Kathy Helidoniotis, Nice Girls don’t Play Footy, Scholastic Australia, July 2019, 240 pp., RRP $16.99 (pbk), ISBN 9781742769226
With the rising popularity of women’s football, Nice Girls Don’t Play Footy is a timely addition to the growing collection of children’s literature on the subject.
The story focuses on Devi Sharma, who at the beginning of the story dreams of becoming Bollywood’s first ever ‘Australian half-Indian, sort of Kiwi, quarter Scottish, Vaisnavi vegan superstar’. But at the elite sports school she attends, she’s given a taste of football and suddenly she can’t get enough. Devi begins leading a double-life. She knows her conservative family won’t approve of her playing footy so she forges her mum’s signature to participate, winning a spot in a top team and sneaking off to training. Meanwhile, she continues attending dance classes where her mum maintains a desperate desire for her daughter to star in the BollyOz competition. In the climax, it all becomes too much and Devi confesses.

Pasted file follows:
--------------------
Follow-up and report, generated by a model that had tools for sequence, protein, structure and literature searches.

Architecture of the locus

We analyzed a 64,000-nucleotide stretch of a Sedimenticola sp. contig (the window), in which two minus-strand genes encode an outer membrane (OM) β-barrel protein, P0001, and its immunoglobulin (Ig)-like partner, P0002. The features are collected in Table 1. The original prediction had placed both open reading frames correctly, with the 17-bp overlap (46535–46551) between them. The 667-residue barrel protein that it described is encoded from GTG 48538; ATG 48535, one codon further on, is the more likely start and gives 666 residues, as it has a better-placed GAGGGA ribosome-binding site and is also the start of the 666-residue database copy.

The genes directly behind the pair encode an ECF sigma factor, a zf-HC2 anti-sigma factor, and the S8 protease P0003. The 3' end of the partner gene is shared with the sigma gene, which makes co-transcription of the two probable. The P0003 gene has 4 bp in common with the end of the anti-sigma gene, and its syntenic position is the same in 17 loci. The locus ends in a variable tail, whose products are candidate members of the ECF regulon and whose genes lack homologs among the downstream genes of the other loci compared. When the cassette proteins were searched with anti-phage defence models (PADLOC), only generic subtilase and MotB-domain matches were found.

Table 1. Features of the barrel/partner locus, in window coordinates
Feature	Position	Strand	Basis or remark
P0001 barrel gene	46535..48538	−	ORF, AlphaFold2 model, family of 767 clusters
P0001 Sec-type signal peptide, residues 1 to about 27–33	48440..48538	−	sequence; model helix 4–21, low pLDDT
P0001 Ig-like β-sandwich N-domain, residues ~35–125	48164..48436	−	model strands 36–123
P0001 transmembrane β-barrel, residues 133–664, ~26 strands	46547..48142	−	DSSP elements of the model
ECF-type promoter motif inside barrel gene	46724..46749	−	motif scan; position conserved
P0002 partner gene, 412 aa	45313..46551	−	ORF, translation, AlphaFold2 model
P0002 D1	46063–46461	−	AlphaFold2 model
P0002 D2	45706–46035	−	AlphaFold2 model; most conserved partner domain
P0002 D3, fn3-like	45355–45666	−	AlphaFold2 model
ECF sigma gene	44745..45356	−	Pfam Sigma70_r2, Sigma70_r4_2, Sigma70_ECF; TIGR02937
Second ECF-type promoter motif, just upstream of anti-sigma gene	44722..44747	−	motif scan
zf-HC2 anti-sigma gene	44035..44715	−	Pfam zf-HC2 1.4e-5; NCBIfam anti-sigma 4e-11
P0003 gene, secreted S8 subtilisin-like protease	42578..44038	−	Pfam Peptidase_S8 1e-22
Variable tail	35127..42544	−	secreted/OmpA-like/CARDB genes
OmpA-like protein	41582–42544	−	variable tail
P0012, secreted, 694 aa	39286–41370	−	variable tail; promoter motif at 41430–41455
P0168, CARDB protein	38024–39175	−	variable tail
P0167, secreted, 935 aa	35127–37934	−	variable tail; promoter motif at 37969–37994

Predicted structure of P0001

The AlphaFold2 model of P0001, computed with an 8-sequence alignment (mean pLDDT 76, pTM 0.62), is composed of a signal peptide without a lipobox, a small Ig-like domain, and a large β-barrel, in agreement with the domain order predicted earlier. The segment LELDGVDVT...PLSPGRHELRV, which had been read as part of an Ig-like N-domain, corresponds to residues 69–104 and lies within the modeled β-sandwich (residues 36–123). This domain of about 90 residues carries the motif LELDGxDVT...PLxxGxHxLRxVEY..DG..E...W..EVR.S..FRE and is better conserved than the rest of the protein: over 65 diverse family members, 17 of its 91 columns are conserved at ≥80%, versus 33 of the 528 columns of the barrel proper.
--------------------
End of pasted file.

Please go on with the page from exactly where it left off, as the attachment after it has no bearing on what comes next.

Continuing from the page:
The book explores what it’s like to live in a committed religious family and the battleground that can arise between conservative parents and adolescents who want to explore what life has to offer. The friendship troubles and theme of following dreams will be relatable for young readers. There’s also an insight into the tenacity and resilience required to succeed as a young athlete.
An enjoyable read for late primary and early secondary readers.
Reviewed by Heather Gallagher